And, in addition to the earnings drought, cycling, which saw its image tarnished between the early 1990s and mid-2000s, has also imposed a financial penalty on dopers.

The sport' s governing body, the UCI, now includes a financial sanction in addition to the participation ban for any of its licensed riders receiving a two-year drug ban.

The fine can be equal to the offender's "net annual income from cycling" for the year in which the anti-doping offence occurred.

It covers all income from cycling, including employment salary, media work, image rights, sponsorship and any other associated cycling income.

The belief is that many, if not most, of these other income streams come about from the offender's position as a cyclist - but one who has had their status artificially boosted through illegal means.

The sanction was introduced by the UCI as part of a "commitment to a new cycling".


However, there is an appeal process which can see the amount of fine paid reduced to 35% of gross salary, and there are also ongoing legal hearings into the validity of the UCI rule.

And there are critics of the rule who believe it is not compatible with either the World Anti Doping Agency (Wada) rules, or Swiss law (the UCI is based in the country).

"I think it is against the Wada code," says lawyer Antonio Rigozzi of Levy Kaufmann Kohler legal firm, an expert on doping regulations

Despite the financial riches to be gained by becoming a leading global sportsperson, one senior adviser on sport doping issues says the prime motivation is often glory not money.

"It is up to the individual sportsperson, and the sport involved," says Mike Morgan, a lawyer in the Sports Law Group of solicitors Squire Sanders in London.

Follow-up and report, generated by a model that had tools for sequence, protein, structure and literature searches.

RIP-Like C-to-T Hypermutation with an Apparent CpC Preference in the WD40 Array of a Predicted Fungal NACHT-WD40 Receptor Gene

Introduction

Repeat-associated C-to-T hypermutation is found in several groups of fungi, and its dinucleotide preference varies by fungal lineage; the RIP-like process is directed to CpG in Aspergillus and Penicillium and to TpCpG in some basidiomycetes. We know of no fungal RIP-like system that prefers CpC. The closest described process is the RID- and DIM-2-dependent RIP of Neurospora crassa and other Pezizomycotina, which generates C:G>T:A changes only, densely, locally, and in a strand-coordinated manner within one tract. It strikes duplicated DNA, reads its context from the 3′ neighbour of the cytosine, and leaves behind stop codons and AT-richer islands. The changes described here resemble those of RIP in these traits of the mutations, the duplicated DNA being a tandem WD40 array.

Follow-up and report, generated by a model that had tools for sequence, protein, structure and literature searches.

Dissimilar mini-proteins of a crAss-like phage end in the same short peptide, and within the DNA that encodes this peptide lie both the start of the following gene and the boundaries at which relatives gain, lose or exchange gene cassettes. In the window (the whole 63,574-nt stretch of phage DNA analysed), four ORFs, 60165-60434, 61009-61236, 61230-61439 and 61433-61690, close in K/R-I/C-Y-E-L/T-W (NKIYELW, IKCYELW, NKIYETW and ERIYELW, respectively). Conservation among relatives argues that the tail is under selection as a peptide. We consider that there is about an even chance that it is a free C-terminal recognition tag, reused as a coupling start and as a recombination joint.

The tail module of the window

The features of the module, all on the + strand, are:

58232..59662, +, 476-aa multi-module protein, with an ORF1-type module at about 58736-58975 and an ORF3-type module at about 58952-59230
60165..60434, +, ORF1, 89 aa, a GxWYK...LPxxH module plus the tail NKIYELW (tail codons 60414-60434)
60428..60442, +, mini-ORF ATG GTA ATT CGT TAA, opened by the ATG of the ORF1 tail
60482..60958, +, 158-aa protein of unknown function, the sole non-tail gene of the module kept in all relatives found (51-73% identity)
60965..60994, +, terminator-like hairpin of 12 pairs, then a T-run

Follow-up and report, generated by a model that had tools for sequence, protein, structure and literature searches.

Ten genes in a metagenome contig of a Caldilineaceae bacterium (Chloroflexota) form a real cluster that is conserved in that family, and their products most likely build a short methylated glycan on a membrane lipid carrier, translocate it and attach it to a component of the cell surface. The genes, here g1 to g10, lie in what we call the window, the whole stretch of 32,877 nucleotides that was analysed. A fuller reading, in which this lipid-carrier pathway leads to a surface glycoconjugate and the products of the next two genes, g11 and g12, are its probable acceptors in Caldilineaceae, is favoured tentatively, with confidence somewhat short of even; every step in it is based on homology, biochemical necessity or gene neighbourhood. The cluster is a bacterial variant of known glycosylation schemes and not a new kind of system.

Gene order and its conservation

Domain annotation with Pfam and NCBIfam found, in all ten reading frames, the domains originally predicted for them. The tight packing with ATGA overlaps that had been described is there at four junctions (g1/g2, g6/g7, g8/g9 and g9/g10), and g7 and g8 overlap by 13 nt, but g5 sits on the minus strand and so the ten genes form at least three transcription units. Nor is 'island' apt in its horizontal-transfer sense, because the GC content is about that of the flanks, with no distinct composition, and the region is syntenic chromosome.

"Some people are only interested in the glory of winning a medal, but I am sure there is an element of athletes who are taking substances for financial gain."

Being the best in your field of breaking a record can potentially bring lucrative sponsorship and endorsement contracts.

"For me I don't think it is about people deliberately taking drugs to beat the system," adds Mr Morgan.

"The majority of cases we come across are people taking banned medication inadvertently, or not checking the banned substances list properly."

And he believes that if any doping cases are discovered at this year's Olympic Games that they will fall into this type of category.

'Making efforts'

Mr Morgan says that sports face a "double-edged sword" in their anti-doping efforts.

If they get their act together and thoroughly investigate, then they could uncover many doping cases that leave the sport looking as though it has a drug problem.

But if they do nothing then they run the risk of some outside agency discovering doping cases, as in the case with David Millar mentioned above, when it was the Paris police drugs squad.

"I think most major sports are making efforts to stamp out drugs," says Mr Morgan. "They can no longer ignore the issue.

"The big money in sport comes from broadcasting, and there is a danger they could pull out because of a perception that a sport has a drug problem.

"Any sport that is heavily reliant on TV money has to think about that and the potential financial outcome."